In a world with so many distractions, and with new mental maps potentially being created every second in the brain, one of the biggest challenges is being able to focus enough attention on any one idea. Leaders can make a big difference by gently reminding others about their useful insights, and thus eliciting attention that otherwise would not be paid. Behaviorists may recognize this type of reminder as “positive feedback,” or a deliberate effort to reinforce behavior that already works, which, when conducted skillfully, is one aspect of behaviorism that has beneficial cognitive effect. In a brain that is also constantly pruning connections while making new ones, positive feedback may play a key functional role as “a signal to do more of something.” As neuroscientist Dr. Thomas B. Czerner notes, “The encouraging sounds of ‘yes, good, that’s it’ help to mark a synapse for preservation rather than pruning.”
At the organizational level, Mike wants to change the way thousands of people think. A common approach would be to identify the current attitudes across the group through some sort of cultural survey. The hope would be that identifying the source of the problem would help solve it. Based on what we now know about the brain, a better alternative would be for Mike to paint a broad picture of being more entrepreneurial, without specifically identifying the changes that individuals will need to make. Mike’s goal should be for his people to picture the new behaviors in their own minds, and in the process develop energizing new mental maps that have the potential to become hardwired circuitry. Mike would then get his team to focus their attention on their own insights, by facilitating discussions and activities that involve being entrepreneurial. After that, Mike’s job would be to regularly provide “gentle reminders” so that the entrepreneurial maps become the dominant pathways along which information, ideas, and energy flow. He also needs to catch the team when they get sidetracked and gently bring them back. The power truly is in the focus, and in the attention that is paid.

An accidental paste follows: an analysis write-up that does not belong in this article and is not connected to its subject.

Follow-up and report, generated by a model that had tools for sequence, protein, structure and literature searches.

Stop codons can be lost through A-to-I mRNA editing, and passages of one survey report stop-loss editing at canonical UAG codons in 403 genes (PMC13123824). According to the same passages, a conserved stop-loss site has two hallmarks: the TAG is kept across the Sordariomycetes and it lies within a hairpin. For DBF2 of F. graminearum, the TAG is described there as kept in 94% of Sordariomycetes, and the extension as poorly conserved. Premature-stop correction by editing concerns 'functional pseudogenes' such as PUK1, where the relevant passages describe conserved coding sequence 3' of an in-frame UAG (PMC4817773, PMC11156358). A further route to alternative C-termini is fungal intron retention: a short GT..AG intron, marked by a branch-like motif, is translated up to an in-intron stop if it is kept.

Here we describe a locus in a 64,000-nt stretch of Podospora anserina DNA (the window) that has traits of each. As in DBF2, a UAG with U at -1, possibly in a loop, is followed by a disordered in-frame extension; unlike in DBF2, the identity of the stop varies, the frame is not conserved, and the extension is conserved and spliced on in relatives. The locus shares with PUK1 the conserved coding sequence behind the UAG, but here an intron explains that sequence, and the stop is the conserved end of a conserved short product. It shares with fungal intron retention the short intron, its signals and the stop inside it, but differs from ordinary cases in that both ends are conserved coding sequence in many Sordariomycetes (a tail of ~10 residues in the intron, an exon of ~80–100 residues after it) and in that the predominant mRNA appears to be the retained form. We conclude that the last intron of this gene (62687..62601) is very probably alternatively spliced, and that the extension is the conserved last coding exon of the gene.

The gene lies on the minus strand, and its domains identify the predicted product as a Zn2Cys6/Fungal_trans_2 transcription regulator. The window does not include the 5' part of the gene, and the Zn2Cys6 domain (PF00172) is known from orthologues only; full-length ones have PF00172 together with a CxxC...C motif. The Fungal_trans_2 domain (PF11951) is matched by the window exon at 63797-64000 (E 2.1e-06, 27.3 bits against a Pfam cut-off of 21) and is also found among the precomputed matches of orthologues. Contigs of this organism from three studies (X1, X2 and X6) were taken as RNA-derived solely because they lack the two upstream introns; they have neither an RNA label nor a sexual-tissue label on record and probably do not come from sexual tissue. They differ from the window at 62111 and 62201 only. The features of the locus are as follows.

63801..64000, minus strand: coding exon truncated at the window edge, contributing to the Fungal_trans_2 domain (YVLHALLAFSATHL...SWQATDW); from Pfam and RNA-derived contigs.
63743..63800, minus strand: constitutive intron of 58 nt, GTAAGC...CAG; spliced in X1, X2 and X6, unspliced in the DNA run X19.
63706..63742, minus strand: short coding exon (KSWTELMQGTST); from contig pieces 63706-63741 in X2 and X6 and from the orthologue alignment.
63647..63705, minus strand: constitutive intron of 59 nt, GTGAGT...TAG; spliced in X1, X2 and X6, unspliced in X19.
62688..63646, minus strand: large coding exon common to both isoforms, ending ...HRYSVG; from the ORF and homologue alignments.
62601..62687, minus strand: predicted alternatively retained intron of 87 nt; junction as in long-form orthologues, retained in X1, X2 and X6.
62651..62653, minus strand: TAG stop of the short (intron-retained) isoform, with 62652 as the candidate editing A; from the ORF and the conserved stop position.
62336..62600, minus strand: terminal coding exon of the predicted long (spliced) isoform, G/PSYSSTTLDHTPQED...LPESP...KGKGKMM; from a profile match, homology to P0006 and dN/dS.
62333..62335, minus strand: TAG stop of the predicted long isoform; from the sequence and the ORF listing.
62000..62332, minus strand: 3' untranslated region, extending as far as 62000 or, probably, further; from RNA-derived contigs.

Perhaps you are thinking, “This all sounds too easy. Is the answer to all the challenges of change just to focus people on solutions instead of problems, let them come to their own answers, and keep them focused on their insights?” Apparently, that’s what the brain wants. And some of the most successful management change practices have this type of principle ingrained in them. “Open-book management,” for example, has been credited with remarkable gains at companies like Springfield Remanufacturing, because it repeatedly focuses employees’ attention on the company’s financial data. Toyota’s production system, similarly, involves people at every level of the company in developing a fine-grained awareness of their processes and how to improve them. In both of these approaches, in workplace sessions that occur weekly or even daily, people systematically talk about the means for making things better, training their brains to make new connections. If you took an fMRI scan of a Springfield or Toyota employee when that person joined the company and again after 10 years on the job, the two scans might reveal very different patterns.
Few managers are comfortable putting these principles into practice, however. Our management models are based on the premise that knowledge is power. This “transmission” approach to exchanging information (exemplified by lectures and textbooks, where knowledge is “transmitted” to a passive receiver) has always been the prevailing teaching method in academia, including the business schools that many managers attend. Since many executives assume that the teaching methods they endured are the only teaching methods that work, it’s no small matter to consider trying a different approach in our workplaces. For many executives, leading others in such a new way may be a bigger change, and therefore challenge, than driving on the other side of the road.